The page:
The FIA has announced it’s “taking steps” to ensure its superlicence system, that rewards results in other series for drivers aiming for Formula 1, remains ‘fair’ despite amid COVID-19’s impact.
Throughout the ongoing pandemic, there has been uncertainty on how junior single-seater series’ superlicence points eligibility has been affected by reduced calendars and entry lists.
A total of 40 superlicence points in qualifying series across a three year period is needed for a driver to successfully apply for a FIA superlicence, which is a necessity to drive in F1.
An FIA statement read: “The measures being explored by the FIA Super Licence Working Group, in consultation with a wide variety of circuit racing teams, promoters and drivers, also seek to safeguard potentially vulnerable series by specifically targeting the encouragement of participation once competitive activity resumes.
“It will also address any disparity in the system that might be caused by differing re-start times due to the varying threat levels presented by COVID-19 around the world.”
Several championships have had to shorten seasons and visit the same circuit multiple times, including F1.
Formula Regional European Championship has come short of the number of entries required to award its full quota of superlicence points, but there have been claims it has already been communicated to drivers in the series that its allocation will be unchanged by its small grid size.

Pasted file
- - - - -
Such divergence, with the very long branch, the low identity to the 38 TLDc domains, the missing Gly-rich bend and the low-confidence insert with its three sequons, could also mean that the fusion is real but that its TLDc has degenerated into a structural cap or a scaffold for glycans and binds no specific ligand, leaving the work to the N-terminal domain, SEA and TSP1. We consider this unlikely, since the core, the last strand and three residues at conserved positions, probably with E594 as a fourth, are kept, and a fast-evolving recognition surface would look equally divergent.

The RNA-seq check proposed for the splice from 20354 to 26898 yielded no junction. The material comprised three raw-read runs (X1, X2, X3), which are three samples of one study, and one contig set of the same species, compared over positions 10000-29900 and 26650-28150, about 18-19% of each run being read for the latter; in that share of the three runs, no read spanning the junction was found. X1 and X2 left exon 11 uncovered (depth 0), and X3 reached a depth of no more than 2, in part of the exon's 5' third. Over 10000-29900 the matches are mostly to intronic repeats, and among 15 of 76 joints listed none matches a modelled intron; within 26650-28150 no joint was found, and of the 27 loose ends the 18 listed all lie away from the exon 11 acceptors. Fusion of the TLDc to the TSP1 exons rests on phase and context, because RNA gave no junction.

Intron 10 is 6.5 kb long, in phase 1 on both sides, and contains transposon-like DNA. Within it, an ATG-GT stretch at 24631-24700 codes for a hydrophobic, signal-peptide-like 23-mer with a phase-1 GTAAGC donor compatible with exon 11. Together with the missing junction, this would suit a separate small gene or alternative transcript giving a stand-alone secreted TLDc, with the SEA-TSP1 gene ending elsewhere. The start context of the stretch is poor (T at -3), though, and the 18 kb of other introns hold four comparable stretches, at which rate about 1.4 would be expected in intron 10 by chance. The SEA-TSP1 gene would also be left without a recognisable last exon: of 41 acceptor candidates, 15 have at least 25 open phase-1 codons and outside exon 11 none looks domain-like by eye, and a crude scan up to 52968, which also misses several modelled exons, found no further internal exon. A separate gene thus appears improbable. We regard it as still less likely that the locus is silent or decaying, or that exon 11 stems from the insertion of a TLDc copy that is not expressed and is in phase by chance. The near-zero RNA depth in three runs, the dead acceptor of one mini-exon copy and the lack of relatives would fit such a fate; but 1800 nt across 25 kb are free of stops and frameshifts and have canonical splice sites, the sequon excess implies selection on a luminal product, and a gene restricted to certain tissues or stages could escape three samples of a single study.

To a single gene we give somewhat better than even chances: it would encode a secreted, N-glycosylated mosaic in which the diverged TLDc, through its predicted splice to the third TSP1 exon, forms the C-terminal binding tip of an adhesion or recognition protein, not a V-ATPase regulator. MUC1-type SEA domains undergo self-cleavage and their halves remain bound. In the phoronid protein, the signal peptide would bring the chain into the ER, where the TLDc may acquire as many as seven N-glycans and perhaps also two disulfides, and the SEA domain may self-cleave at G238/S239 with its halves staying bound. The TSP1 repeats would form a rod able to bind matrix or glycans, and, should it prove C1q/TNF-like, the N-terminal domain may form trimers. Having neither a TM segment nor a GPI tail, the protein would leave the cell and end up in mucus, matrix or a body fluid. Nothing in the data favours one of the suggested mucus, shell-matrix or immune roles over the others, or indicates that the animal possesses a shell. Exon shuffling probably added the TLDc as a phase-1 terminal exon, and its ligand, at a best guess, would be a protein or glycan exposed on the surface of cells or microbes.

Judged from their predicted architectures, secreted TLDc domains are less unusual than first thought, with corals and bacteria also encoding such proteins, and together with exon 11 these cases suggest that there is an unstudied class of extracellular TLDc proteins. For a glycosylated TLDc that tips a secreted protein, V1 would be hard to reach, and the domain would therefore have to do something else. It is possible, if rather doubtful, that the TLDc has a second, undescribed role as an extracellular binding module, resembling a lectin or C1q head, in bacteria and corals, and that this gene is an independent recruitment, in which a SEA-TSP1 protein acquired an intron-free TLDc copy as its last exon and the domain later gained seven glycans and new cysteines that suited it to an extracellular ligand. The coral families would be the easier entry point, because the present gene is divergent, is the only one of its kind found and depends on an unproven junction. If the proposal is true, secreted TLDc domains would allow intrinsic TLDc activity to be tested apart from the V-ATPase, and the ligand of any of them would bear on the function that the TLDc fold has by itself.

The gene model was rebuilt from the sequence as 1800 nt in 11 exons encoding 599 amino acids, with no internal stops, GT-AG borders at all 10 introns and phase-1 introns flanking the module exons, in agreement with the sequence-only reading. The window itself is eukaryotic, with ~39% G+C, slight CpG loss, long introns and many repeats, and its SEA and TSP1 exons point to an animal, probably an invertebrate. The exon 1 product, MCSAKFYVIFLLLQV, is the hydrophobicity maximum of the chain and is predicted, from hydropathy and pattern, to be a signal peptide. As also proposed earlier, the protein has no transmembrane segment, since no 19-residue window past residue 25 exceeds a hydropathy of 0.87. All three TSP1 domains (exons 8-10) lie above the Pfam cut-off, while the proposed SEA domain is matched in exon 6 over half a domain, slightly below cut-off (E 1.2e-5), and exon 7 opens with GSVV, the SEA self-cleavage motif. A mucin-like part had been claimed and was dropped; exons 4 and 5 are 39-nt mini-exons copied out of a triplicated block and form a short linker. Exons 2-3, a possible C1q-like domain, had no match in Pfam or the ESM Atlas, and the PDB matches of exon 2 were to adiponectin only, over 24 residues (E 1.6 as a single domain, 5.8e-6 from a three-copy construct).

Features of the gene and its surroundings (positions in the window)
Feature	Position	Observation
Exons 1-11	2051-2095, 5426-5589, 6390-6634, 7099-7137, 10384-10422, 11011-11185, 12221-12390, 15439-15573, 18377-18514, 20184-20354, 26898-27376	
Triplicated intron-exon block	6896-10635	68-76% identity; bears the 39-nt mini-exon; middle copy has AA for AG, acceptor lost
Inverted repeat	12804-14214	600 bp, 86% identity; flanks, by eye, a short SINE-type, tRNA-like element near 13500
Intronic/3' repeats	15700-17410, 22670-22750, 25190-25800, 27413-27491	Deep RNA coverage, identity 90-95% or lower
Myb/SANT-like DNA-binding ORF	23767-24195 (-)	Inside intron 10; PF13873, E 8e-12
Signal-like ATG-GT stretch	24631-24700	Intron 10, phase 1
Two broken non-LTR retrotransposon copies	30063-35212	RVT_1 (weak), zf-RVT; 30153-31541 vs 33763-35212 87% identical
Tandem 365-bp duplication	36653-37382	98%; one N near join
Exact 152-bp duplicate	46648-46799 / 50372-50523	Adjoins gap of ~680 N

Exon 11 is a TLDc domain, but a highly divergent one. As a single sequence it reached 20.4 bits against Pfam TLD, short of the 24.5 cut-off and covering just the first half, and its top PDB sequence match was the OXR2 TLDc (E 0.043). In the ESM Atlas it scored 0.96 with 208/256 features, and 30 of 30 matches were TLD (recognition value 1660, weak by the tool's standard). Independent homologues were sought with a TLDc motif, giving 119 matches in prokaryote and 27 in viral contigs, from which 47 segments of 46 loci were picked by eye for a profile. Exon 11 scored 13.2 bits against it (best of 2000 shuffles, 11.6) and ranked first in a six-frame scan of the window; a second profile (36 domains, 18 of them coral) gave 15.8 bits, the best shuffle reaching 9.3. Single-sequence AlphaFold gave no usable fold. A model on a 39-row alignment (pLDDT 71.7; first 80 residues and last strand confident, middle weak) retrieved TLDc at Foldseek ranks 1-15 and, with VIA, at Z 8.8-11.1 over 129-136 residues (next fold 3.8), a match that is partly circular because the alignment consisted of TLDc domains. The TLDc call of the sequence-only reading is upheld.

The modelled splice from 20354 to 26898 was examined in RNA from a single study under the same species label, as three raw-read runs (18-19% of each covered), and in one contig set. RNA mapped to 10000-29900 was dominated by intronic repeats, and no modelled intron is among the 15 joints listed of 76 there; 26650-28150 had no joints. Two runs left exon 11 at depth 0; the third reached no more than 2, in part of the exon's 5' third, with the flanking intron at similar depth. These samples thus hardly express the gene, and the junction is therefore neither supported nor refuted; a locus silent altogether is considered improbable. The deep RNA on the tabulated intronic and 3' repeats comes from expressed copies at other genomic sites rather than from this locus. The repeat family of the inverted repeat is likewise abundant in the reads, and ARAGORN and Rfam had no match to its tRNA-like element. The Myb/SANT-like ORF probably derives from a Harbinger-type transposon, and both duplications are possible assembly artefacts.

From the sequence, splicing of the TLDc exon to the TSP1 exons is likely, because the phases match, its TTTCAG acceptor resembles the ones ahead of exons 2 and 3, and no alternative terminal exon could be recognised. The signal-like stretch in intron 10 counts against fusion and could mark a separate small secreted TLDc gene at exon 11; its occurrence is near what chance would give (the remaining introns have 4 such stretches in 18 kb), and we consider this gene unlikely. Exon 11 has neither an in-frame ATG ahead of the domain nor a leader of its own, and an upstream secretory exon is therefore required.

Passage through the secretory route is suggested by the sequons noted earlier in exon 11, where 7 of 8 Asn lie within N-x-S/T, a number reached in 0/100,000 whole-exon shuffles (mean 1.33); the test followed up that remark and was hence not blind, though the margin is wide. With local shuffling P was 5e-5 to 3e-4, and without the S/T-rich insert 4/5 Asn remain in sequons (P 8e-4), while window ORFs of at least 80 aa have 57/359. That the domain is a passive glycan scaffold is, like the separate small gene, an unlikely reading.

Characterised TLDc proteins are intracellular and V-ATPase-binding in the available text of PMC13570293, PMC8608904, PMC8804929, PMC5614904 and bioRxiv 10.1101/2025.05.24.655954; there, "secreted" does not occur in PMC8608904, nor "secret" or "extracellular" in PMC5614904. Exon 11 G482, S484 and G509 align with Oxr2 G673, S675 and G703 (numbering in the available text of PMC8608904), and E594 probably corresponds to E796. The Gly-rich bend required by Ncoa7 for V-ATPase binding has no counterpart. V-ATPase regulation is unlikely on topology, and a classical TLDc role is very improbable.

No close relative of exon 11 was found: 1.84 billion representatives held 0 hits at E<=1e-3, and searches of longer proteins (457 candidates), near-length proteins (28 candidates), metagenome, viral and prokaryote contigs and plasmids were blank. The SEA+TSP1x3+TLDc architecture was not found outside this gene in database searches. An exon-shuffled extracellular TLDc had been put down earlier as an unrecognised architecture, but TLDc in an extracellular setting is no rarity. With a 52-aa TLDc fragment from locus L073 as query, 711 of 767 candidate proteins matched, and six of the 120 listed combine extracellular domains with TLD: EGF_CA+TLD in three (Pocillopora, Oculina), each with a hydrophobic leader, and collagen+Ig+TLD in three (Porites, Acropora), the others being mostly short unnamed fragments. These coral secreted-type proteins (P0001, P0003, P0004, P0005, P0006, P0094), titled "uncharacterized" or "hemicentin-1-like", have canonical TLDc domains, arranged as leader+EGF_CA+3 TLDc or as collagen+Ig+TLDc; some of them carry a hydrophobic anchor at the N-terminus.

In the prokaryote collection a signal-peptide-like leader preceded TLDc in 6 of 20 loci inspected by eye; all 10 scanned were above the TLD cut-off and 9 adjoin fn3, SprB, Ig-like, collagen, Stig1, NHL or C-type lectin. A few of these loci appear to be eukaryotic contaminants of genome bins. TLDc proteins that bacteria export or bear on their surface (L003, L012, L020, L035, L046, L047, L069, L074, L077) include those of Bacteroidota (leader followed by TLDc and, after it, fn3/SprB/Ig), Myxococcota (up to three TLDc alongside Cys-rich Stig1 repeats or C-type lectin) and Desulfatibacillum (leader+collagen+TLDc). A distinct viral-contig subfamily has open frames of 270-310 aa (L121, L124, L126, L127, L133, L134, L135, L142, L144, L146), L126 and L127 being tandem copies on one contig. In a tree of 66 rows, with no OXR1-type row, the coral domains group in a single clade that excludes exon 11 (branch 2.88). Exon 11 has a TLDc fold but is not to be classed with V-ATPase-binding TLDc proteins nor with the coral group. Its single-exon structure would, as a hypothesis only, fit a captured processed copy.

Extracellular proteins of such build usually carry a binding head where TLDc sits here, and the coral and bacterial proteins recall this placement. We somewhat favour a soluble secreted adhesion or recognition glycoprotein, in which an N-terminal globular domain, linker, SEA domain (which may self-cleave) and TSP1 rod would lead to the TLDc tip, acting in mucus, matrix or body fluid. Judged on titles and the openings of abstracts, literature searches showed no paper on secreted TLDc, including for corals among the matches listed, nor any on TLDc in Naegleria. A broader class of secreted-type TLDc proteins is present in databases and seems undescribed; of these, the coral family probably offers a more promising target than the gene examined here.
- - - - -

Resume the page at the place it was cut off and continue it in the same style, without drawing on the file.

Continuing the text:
Indy Lights and W Series cancelled their 2020 seasons due to pandemic pressures, while Super Formula has had its European-based entries unable to reach Japan so far due to strict immigration controls to control the spread of the virus.
“The COVID-19 crisis has had a profound effect on all sporting activity and motorsport is no exception,” said FIA Single-Seater Commission president Stefano Domenicalli.
“Many circuit racing series are experiencing economic difficulty, while competitors are naturally concerned about missing a season or committing to a competition amid uncertainty around the re-commencement of racing – and the negative impact either may have on their progress along the FIA’s single-seater pathway.
“The FIA is cognisant of these concerns and we would like to reassure series, teams and competitors that through the Super Licence Working Group the Federation is developing solutions that will afford fairness to competitors, encourage participation and help series maintain some stability during this difficult period.”
Tom Kristensen, president of the FIA Drivers’ Commission, added: “We appreciate that there may be some unease among drivers over ever-changing racing calendars and how potential imbalances in the scoring of superlicence points could negatively affect their progress towards the top of the FIA’s racing ladder.
“The Working Group is consulting with single-seater stakeholders in order to balance the points system so that no drivers are disadvantaged by the changed landscape of motorsport in 2020.”